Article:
Experts say European proposal limits ability to protect public from endocrine disruptors
AMHERST, Mass. – University of Massachusetts Amherst biologist Thomas Zoeller, an internationally recognized expert in the health effects of endocrine-disrupting chemicals, with the Washington, D.C.-based Endocrine Society, this week expressed disappointment in the European Commission's revised proposal on defining and identifying endocrine-disrupting chemicals, citing unnecessarily narrow criteria for identifying them.
The new move "will make it nearly impossible for regulatory agencies to meet the unrealistically high burden of proof and protect the public from dangerous chemicals," the society stated. Zoeller adds, "The commission is known to be heavily influenced both by multinational chemical industries and their trade groups, as well as the U.S. State Department, in designing language that would dilute European regulations to be more consistent with those in the U.S."
The Endocrine Society says that the chemicals "can mimic, block or interfere with hormones that regulate key biological functions in humans and animals, including brain development, reproduction, metabolism and growth. Bisphenol A and other EDCs can be found in common products, including food containers, plastics, cosmetics and pesticides." It says more than 1,300 studies have found connections between exposure to them and serious health conditions such as infertility, diabetes, obesity, hormone-related cancers and neurological disorders.
Zoeller and the society say a provision in the revised proposal "further complicates regulatory activities by creating broad exemptions for chemicals that disrupt the endocrine systems of pests, such as insects and animals that attack crops. If they go unregulated, it will create serious gaps in the identification criteria and create a regulatory system that does not reflect the state of the science on endocrine disrupting chemicals," causing confusion and delay in identifying them that could cause harm.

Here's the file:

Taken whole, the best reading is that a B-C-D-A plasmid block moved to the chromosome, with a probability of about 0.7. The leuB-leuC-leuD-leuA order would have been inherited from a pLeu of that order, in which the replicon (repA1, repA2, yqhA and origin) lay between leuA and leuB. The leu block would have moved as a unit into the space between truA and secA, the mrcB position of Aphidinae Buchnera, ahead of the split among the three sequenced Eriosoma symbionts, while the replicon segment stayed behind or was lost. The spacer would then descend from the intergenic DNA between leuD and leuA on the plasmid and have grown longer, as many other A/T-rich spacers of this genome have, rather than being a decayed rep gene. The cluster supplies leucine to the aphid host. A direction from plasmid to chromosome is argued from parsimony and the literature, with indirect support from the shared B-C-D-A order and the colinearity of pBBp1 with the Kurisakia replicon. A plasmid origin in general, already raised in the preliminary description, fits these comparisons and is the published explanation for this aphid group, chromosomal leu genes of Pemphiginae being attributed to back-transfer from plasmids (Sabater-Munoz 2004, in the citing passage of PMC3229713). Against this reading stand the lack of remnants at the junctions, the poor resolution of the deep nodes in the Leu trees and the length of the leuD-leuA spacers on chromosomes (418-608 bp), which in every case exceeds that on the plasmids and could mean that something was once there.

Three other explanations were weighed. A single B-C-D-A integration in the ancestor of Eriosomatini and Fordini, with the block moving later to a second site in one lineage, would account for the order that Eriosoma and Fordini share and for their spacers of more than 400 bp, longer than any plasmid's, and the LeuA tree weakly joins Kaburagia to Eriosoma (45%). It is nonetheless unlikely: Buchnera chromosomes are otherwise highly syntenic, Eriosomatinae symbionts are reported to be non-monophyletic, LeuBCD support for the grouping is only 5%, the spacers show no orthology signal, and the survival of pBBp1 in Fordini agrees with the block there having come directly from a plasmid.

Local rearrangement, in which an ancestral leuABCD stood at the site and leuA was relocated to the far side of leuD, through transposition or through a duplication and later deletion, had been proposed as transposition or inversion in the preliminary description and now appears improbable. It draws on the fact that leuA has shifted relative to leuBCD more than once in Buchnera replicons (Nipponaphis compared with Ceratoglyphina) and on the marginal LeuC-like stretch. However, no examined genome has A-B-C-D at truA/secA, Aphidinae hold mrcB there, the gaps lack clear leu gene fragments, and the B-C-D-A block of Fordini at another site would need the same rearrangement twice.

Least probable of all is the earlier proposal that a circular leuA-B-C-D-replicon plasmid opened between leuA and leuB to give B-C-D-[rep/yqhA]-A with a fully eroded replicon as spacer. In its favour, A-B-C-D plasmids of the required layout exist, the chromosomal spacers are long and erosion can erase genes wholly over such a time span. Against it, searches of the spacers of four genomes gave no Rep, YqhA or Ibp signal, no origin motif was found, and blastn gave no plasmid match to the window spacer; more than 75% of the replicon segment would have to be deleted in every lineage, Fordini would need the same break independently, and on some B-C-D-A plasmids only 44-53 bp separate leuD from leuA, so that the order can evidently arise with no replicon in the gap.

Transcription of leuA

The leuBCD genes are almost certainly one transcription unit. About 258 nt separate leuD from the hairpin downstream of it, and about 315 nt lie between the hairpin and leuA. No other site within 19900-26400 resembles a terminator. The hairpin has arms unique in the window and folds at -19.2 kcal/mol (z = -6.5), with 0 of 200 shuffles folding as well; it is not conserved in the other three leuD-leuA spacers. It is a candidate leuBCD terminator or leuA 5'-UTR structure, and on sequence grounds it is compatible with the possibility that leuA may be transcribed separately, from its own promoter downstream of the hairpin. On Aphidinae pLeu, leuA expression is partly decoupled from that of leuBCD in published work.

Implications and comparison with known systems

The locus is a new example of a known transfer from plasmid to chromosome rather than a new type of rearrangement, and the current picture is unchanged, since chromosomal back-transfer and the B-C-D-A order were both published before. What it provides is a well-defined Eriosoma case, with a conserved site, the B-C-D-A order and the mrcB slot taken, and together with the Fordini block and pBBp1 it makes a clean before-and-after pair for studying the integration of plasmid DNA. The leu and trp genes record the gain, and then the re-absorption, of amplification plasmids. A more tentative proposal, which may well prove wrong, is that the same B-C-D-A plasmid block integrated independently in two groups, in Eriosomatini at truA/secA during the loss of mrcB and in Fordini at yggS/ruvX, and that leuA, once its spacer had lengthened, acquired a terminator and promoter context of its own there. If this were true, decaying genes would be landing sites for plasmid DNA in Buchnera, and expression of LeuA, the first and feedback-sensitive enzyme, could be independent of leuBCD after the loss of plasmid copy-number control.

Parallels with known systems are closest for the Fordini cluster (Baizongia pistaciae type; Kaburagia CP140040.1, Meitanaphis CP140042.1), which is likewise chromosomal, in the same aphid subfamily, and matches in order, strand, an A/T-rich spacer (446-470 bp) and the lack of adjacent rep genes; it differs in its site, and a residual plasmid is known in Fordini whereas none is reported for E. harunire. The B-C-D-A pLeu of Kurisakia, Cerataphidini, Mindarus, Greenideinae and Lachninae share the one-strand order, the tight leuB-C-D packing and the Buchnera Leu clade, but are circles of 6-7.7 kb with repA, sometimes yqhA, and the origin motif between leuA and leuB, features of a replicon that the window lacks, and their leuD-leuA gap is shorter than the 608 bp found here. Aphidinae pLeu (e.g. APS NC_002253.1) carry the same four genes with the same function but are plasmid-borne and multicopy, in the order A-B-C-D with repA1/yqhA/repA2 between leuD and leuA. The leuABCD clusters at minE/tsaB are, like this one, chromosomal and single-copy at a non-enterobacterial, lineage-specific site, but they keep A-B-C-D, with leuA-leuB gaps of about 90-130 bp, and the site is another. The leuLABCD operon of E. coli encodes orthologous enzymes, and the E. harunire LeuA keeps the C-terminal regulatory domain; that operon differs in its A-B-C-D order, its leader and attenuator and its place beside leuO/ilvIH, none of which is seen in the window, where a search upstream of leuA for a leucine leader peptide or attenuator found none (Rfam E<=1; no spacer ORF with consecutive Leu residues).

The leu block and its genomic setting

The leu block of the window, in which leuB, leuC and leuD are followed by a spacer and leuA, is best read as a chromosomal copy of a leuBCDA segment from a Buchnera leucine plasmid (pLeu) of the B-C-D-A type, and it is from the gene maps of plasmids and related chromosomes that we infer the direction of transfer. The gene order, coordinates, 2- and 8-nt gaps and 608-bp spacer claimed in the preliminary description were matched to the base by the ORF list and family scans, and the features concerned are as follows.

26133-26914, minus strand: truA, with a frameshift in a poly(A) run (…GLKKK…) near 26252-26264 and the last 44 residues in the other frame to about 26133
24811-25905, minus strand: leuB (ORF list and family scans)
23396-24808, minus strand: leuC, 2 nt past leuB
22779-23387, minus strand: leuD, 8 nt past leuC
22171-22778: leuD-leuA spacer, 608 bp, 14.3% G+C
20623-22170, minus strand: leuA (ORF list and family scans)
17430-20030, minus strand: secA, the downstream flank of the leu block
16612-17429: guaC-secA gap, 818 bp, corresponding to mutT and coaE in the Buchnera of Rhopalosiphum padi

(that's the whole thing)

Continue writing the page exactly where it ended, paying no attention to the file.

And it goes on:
Previously, the society notes, the European Union (EU) has taken steps to address these public health concerns and has regulations specific to endocrine disruptors which require the European Commission to propose criteria to identify them. In its latest move, the society argues, the EU "does not represent an improvement of previous proposals," asking for an unrealistically high level of scientific evidence for endocrine disruptors and exemptions for certain chemicals, "seriously limiting the ability to identify and regulate them."
"To effectively identify EDCs in a manner consistent with the state of the science, the Endocrine Society supports creating multiple categories based on the amount of existing evidence that shows how specific chemicals act" in a way similar to a scheme used for cancer-causing substances.
The society, the world's oldest and largest organization of scientists devoted to hormone research and physicians who care for people with hormone-related conditions, plans to continue to advocate for criteria that reflect the state of the science, its statement says.